Having gotten into gaming in Minneapolis in the early 80s, it’s hard not to have some interest in the history of RPGs. Where did Arneson & Gygax get their ideas from? How did gaming spread? Where were ideas first expressed? How do I fit into all of it?
A huge volume called Playing at the World has recently come out, and my friend John let me page through his copy. The book attempts to be a very thorough, well-researched, almost academic history of gaming as it led to the creation D&D, and of D&D’s influence on later gaming. On paging through it, I had a small amount of trepidation; for example, a random page toward the end contained a sentence that seemed to betray a grognardian, conservative mistrust of 1980s ‘realism’. But I wasn’t sure of the context of that quote (perhaps it wasn’t actually as grognardian as it sounded), and the book intrigued me. The research really does look good; I checked a couple important but somewhat obscure names in Twin Cities gaming, and they both get multiple mentions in the index, for example. Last night I finally relented and bought a copy.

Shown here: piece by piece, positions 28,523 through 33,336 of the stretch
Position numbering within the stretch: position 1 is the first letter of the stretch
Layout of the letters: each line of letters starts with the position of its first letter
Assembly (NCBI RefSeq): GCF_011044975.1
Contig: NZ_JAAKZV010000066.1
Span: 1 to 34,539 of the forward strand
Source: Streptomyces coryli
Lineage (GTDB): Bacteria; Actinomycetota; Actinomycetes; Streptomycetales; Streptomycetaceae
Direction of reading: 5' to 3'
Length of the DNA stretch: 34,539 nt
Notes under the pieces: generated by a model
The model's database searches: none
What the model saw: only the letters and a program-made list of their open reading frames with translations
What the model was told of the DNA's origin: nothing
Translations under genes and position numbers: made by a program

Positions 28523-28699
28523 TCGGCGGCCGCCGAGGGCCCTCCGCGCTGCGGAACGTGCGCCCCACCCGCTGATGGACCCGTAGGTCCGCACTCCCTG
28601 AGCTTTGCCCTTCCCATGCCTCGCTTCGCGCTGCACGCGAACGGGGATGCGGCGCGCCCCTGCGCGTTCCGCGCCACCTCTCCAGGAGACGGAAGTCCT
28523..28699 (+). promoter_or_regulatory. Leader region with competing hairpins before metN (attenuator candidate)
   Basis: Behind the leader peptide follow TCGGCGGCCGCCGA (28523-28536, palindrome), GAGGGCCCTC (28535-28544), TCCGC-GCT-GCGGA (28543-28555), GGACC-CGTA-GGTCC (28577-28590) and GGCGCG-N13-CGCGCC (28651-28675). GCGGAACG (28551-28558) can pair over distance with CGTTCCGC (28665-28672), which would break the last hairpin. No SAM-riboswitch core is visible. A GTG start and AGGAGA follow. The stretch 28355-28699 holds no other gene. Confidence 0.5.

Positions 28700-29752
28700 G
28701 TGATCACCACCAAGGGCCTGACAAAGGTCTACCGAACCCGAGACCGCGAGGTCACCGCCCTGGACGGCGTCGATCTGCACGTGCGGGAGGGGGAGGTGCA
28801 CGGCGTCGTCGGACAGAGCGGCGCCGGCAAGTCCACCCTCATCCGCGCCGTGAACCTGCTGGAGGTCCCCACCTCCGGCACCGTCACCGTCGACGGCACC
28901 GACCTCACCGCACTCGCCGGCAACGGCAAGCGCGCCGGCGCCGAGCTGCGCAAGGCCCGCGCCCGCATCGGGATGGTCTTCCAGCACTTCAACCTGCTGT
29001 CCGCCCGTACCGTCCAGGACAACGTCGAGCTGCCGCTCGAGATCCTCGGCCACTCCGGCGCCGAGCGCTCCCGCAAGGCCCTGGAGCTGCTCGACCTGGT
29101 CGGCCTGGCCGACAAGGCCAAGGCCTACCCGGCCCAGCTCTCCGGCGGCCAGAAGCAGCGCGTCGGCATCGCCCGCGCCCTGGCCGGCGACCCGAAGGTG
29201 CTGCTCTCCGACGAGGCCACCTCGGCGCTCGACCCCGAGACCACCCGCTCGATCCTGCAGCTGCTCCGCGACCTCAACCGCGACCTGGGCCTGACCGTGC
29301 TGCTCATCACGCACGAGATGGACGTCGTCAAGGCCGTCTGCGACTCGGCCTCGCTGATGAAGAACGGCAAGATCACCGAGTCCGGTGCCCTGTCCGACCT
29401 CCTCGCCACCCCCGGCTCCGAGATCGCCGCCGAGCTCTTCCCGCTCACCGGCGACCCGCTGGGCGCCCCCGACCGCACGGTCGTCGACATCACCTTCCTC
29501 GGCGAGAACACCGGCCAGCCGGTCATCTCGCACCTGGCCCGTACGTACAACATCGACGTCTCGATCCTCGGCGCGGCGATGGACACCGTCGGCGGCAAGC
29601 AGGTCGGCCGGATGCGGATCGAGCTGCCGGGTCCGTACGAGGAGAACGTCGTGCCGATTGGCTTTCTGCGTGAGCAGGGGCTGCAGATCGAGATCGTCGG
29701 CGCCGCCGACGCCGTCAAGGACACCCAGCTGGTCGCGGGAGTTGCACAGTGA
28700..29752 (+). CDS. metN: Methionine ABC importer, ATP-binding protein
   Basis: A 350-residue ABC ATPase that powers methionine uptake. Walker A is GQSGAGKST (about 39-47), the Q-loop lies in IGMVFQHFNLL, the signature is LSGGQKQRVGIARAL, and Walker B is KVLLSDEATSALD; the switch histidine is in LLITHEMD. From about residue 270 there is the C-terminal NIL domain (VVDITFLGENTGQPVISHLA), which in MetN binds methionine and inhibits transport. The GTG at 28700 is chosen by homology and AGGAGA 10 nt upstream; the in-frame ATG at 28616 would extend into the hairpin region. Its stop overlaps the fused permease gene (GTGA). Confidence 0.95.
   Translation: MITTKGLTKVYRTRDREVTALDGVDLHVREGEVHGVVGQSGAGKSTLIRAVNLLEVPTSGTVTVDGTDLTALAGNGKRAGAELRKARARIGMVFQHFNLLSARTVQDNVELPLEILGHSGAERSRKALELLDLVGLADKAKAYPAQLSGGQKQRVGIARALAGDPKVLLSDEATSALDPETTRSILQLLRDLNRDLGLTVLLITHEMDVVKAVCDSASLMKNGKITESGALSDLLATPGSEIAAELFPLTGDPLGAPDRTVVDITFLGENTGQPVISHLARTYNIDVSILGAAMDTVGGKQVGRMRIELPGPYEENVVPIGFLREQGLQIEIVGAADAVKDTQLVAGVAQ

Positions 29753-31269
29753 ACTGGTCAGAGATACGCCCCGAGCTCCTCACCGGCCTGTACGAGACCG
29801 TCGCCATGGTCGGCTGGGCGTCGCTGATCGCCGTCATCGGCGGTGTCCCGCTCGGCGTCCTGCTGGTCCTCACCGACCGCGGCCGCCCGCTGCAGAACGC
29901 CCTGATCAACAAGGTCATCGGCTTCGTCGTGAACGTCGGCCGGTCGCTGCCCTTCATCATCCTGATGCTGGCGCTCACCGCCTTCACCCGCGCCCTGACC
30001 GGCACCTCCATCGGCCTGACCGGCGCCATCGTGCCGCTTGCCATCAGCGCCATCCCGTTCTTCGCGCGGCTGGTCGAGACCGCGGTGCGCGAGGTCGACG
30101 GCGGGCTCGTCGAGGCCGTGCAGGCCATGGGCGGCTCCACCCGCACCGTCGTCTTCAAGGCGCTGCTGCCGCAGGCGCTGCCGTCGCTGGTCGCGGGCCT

As Peterson remarks in the introduction, his book tries to stick as closely as possible to well-documented sources, which is good. It’s too easy for people’s reminiscences to lose objectivity over the years. But at the same time, Playing at the World makes me wonder what other corners of gaming history have yet to be documented. And it makes me want to get down my reminiscences while I can.
To help do my part, I’m going to start an occasional series here, documenting Twin Cities fandom as best I can. (Which is to say, not in nearly as much depth, or with as much objectivity, as Peterson does.) Hopefully I won’t become mired in sentimentality or ‘get off my lawn’-ism. Please let me know if I do!
And I’ll continue to review Peterson’s book as I work through it.